Fructose: Nutritional Bombshell

Dr. William Davis Health Pro
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    In a previous post, I discussed how the common sugar, fructose, exerts unique and undesirable effects on health distinct from other sugars, like glucose. Fructose is commonly found in sucrose (table sugar¾half glucose, half fructose), the widely used sweetener high-fructose corn syrup, and sweetened soft drinks and fruit juices.

     

    Compared to glucose, fructose has been shown to trigger:

     

    • Greater abdominal fat accumulation
    • Increased LDL cholesterol
    • Marked increase in small LDL (the worst kind of LDL particles)
    • Increased triglycerides

     

    The effect is "dose-dependent," meaning the more you ingest every day, the greater the effects. Clear-cut effects on triglycerides, in particular, become substantial starting at 50 grams of fructose intake per day.

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    Avoiding sucrose is easy: Don't add table sugar to your coffee or tea (try artificial sweeteners like sucralose); avoid candies and other obviously sweet snacks made with sucrose.

     

    Avoiding high-fructose corn syrup is a little trickier, since food manufacturers have added it to nearly all processed foods, such as ketchup, beer, breads, fruit drinks, energy drinks, spaghetti sauce, low-fat salad dressings, sodas, breakfast cereals, etc. One easy rule: minimize your exposure to processed foods. (In fact, is the protuberant abdomen I call "wheat belly" really a combination of "wheat belly" and "fructose belly"? I believe it is.)

     

    Just avoiding sucrose and high-fructose corn syrup-containing products will dramatically reduce your fructose exposure. But if you are really interested in further reducing your exposure to this unhealthy sweetener, consider the fructose content of some foods:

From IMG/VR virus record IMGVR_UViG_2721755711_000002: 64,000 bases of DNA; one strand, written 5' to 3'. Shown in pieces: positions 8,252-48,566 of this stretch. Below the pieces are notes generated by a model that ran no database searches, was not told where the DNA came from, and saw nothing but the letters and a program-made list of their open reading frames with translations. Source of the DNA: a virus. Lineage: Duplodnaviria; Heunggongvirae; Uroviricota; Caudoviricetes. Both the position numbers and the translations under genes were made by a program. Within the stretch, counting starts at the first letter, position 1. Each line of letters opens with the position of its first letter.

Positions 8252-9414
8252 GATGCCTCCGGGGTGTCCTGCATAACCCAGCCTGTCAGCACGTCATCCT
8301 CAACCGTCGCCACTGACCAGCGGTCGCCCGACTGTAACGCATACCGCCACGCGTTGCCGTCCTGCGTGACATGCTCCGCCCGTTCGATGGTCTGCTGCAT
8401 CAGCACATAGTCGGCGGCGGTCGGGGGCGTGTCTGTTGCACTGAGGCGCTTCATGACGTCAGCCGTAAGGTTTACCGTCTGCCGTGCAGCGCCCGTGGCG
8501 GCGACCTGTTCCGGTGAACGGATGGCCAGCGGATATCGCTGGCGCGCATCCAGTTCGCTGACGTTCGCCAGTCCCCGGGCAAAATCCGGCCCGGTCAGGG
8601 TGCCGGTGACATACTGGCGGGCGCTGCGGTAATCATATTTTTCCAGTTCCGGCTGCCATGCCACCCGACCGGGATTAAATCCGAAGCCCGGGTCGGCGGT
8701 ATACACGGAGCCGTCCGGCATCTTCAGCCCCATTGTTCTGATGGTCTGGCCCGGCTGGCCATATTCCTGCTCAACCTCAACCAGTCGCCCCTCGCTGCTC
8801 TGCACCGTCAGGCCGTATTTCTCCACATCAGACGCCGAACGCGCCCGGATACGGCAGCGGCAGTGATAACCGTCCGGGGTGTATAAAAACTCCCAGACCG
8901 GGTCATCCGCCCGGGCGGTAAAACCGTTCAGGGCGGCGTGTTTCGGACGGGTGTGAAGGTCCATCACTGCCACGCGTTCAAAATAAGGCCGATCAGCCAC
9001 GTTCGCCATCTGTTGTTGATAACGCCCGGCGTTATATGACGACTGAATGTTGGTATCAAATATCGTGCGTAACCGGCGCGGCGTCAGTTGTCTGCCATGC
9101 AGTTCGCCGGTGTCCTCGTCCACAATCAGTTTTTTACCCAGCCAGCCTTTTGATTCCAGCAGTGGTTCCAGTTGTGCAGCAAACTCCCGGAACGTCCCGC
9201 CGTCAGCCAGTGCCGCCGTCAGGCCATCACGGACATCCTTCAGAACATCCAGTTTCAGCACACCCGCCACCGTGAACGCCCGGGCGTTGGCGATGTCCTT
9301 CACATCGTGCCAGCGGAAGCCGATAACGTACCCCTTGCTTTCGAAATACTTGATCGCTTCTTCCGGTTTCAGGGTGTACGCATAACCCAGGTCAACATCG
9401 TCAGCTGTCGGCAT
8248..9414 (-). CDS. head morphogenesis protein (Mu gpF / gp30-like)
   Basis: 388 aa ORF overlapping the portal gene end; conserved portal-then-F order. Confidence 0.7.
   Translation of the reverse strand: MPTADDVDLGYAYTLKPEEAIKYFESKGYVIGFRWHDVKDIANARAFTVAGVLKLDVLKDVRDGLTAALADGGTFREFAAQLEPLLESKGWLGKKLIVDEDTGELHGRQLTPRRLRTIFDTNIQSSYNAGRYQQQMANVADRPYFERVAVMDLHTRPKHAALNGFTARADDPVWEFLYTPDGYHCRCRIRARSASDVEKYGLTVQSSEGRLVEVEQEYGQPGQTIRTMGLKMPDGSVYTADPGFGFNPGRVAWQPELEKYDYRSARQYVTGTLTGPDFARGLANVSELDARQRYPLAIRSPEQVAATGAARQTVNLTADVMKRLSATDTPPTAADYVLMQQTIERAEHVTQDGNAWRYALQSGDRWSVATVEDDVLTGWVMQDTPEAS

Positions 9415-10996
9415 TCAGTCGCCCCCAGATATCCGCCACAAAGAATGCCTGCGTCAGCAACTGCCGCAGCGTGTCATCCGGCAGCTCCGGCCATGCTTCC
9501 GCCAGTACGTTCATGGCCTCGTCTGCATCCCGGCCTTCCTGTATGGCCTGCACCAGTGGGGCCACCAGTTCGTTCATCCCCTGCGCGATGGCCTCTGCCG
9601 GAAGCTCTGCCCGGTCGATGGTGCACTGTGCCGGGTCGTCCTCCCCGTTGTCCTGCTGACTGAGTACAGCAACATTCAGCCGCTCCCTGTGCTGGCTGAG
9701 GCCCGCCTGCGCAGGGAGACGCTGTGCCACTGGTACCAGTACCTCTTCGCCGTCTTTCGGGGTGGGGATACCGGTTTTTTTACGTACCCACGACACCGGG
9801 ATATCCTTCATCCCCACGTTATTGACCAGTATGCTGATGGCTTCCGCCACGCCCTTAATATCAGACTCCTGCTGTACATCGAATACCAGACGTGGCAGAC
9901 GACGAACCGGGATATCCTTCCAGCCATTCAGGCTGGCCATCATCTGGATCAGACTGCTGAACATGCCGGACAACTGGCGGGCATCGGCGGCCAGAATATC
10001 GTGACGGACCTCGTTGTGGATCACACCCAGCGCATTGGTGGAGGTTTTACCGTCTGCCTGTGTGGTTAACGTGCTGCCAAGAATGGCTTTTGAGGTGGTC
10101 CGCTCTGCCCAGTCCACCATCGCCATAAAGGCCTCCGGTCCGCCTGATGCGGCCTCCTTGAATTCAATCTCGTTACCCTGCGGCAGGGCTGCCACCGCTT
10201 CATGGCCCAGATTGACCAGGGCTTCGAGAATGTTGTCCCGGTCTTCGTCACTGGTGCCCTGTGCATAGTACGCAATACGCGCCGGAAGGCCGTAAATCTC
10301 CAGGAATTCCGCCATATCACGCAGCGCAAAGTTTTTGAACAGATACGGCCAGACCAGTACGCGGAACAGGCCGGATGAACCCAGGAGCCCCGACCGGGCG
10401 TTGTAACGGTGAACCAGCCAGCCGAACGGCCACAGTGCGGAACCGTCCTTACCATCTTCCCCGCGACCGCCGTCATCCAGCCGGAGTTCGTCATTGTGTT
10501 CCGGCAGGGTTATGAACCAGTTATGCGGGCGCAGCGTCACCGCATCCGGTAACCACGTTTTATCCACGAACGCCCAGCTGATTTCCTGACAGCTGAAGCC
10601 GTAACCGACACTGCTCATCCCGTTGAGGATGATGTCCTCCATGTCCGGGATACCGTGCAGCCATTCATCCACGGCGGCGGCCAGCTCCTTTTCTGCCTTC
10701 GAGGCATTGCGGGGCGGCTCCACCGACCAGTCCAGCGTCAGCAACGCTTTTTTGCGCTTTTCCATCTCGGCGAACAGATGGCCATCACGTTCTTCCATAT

(Fructose content of corn syrup is shown for comparison; data from the USDA Nutrient Database. Remember that sucrose is approximately half fructose; dates, listed below, for example, contain a total of 23 grams fructose from sucrose and fructose.)

     
     

    Corn syrup, 100 grams (approx. 1/3 cup HFCS-55)

      

    Carbohydrates

    77.0 g

    Fiber, total dietary

    0.0 g

    Sugars, total

    77.0 g

    Sucrose

    0.0 g

    Glucose (dextrose)

    30.8 g

    Fructose

    42.4 g

      

      

    Dates, ½ cup, chopped

      

    Carbohydrates

    55.15 g

    Fiber, total dietary

    5.9 g

    Sugars, total

    46.56 g

    Sucrose

    17.52 g

    Glucose (dextrose)

    14.60 g

    Fructose

    14.38 g

      

       

    Honey, 2 tablespoons

      

    Carbohydrates

    34.61 g

    Fiber, total dietary

    0.1 g

    Sugars, total

    34.49 g

    Sucrose

    0.37 g

    Glucose (dextrose)

    15.02 g

    Fructose

    17.19 g

      

      

    Honeydew melon (1/2 melon, 6-7" diameter)

     

    Carbohydrates

    58.18 g

    Fiber, total dietary

    5.1 g

    Sugars, total

    51.97 g

    Sucrose

    15.87 g

    Glucose (dextrose)

    17.15 g

    Fructose

    18.94 g

     

      

    Pear, 1 medium

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    Carbohydrates

    27.52 g

    Fiber, total dietary

    5.5 g

    Sugars, total

    17.44 g

    Sucrose

    1.39 g

    Glucose (dextrose)

    4.91 g

    Fructose

    11.09 g

     

      

    Raisins, 1 cup seedless

      

    Carbohydrates

    130.65 g

    Fiber, total dietary

    6.1 g

    Sugars, total

    97.66 g

    Sucrose

    0.74 g

    Glucose (dextrose)

    45.79 g

    Fructose

    48.97 g

     

     

Published On: July 30, 2009